Most adults know that bone density decreases as we age. As density falls, the risk of fractures climbs, and for older people, the impact can be devastating – between 20 and 30 per cent of hip fracture patients die within one year of the event.
There are two major factors involved here. One is often beyond the control of the individual. The other, though, is very much something we can address – if we act soon enough.
Given the alarming fatality rate among those who have suffered a hip fracture, reducing the risk of occurrence should be the goal. But experts looking at the other side of the equation – the post-fracture period – have identified another risk factor.
Waiting for surgery
Experts at Hip Fest 2023 highlighted this factor. While it may sound like a mass gathering of uber-cool people, Hip Fest is in fact a meeting of health experts whose focus is the hip. It is hosted by the Australian and New Zealand Hip Fracture Registry (ANZHFR). Between them, ANZHFR experts have identified that many people with a hip fracture wait longer than is optimal for surgery.
Some hospitals have recognised this and made dramatic improvements, but the need for universal improvement is clear. To that end, the Australian Commission on Safety and Quality in Health Care (ACSQHC) has introduced an updated national clinical care standard for hip fracture.
Launched at Hip Fest, the new standard introduces changes in a number of areas of hip fracture care. The standard recognises ‘time to surgery’ as critical to survival after hip surgery. The updated standard has reduced the maximum time to surgery from 48 hours to 36 hours. This puts Australian and New Zealand standards in line with international guidelines.
Geriatrician Professor Jacqueline Close, co-chair of the ANZHFR, explains the drivers of the change in the standard.
“The adage ‘don’t let the sun set twice before hip fracture repair’ has merit for several reasons,” she says. “First, no-one wants to see their mum or dad fasting and in pain waiting for surgery; and shorter time to surgery is associated with fewer complications, better recovery and survival.”
The standard sets expectations for how every patient should be cared for, while allowing for treatment to be tailored to the individual, Prof. Close says.
The other side of the equation
The new standard is a significant step, but what can we as individuals do to improve things? You probably won’t be surprised to learn that nutrition and exercise play a big part. The nutrition element becomes clearer by adding one word to the phrase, ‘bone density’. It is in fact bone mineral density that is the key here.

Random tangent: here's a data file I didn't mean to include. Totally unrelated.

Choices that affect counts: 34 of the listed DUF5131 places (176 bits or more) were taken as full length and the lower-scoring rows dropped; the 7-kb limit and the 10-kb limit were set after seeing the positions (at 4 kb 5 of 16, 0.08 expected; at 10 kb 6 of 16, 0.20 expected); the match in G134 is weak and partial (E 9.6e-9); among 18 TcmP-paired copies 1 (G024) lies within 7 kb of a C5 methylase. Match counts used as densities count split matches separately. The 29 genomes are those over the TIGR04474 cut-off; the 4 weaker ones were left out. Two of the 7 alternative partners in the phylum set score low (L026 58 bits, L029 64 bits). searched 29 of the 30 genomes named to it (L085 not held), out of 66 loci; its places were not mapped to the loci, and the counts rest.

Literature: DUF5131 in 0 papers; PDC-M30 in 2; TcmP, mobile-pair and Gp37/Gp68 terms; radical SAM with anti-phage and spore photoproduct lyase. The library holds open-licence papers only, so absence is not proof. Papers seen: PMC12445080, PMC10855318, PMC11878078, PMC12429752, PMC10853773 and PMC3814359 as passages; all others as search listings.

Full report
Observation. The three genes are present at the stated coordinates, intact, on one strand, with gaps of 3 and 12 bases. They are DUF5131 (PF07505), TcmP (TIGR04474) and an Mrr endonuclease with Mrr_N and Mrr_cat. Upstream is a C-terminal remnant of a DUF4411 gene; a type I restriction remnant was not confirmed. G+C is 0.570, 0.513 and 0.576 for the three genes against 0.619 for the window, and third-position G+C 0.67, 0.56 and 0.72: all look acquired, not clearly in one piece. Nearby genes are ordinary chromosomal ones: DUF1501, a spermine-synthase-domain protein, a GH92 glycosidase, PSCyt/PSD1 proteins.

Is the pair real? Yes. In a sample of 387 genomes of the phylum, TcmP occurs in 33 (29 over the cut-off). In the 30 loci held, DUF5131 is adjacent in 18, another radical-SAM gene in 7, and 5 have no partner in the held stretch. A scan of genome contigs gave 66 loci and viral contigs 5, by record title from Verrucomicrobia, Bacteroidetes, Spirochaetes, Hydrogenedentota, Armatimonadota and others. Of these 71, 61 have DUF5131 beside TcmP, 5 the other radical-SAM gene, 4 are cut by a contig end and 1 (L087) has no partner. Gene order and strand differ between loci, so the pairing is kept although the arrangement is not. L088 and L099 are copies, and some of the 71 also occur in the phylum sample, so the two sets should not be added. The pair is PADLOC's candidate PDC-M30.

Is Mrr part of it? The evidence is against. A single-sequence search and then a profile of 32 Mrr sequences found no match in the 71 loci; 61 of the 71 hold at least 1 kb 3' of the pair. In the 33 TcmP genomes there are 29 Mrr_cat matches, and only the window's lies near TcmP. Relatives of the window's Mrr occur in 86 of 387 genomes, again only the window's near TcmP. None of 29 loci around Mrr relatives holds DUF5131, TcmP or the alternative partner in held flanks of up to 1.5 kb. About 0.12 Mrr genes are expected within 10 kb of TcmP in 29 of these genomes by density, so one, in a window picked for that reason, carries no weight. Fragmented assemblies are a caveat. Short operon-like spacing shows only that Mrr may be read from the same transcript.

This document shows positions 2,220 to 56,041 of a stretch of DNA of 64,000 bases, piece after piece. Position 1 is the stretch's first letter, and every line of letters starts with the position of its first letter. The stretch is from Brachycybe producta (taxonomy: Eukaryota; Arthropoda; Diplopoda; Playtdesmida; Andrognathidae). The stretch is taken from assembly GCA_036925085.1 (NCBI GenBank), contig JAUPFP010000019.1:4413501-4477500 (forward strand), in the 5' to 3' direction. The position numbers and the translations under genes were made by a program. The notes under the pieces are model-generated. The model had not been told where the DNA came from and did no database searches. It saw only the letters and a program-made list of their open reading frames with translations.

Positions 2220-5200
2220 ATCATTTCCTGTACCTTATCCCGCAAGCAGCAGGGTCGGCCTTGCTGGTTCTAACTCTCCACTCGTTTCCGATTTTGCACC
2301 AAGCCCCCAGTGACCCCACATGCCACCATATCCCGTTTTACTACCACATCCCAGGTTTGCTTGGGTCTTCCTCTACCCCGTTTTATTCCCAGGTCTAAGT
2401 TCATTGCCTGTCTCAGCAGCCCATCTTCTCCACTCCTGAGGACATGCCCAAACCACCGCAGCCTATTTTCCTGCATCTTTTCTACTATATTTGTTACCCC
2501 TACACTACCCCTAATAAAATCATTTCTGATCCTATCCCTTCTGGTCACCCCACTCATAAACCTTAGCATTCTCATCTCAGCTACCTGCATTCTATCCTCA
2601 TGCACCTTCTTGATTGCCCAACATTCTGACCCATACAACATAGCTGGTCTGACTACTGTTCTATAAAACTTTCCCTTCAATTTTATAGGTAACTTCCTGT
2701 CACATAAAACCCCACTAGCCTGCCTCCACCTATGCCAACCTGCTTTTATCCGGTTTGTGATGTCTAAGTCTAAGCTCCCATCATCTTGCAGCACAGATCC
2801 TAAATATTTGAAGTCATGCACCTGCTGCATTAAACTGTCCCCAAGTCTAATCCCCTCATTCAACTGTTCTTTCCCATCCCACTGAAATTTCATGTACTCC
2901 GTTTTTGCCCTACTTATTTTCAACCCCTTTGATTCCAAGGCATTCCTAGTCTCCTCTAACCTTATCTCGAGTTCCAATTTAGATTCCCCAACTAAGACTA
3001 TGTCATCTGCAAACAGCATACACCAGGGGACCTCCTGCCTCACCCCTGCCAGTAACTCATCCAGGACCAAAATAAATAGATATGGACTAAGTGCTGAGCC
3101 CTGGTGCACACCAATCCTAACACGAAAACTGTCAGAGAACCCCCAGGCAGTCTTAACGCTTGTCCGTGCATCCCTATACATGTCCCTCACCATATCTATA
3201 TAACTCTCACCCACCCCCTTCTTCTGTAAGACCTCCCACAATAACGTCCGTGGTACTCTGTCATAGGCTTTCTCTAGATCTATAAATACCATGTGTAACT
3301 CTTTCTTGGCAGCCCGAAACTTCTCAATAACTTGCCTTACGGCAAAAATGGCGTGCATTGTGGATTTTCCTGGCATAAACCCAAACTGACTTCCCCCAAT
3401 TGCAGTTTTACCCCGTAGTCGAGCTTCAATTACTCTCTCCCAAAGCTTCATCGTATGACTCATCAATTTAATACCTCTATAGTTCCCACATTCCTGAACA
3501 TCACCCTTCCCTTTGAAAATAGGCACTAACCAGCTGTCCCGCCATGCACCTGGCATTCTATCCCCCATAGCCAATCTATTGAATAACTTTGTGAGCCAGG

A newly published study indicates that even a small increase in bone mineral density can make a huge difference. The study compared two large cohorts, one of which had a 3 per cent higher bone mineral density. The evidence suggests that 3 per cent increase translates to a 45 per cent reduction in the risk of hip fracture.
Calcium is the star mineral when it comes to bone density and 50 per cent of Australians fall short of the daily recommended calcium level.
Food for thought – and for bones
There’s no shortage of foods that can help you reach that recommended level (1000-1300mg daily). Dairy foods – milk, cheese, yoghurt – are an excellent source, but by no means the only source. All of the following can help you achieve your calcium target:
- trout, snapper, mussels, oysters, prawns, canned sardines and salmon
- cucumber, kale, silverbeet, Chinese cabbage, broccoli, rocket, watercress, bok choy and leeks
- almonds, Brazil nuts, hazelnuts, walnuts, sesame seeds and tahini paste
- orange, strawberries, figs, kiwi fruit and dates
- eggs, calcium-set tofu, canned chickpeas and soybeans
- pork chop and chicken.
Australian health authorities have taken important steps towards improved care for hip fracture patients. Reducing our chances of needing such care is very much up to us.
Have you had a hip fracture requiring surgery? How long did you have to wait for the surgery? Let us know in the comments section below.
Also read: New tool to measure bone age may save lives
Disclaimer: This article contains general information about health issues and is not advice. For health advice, consult your medical practitioner.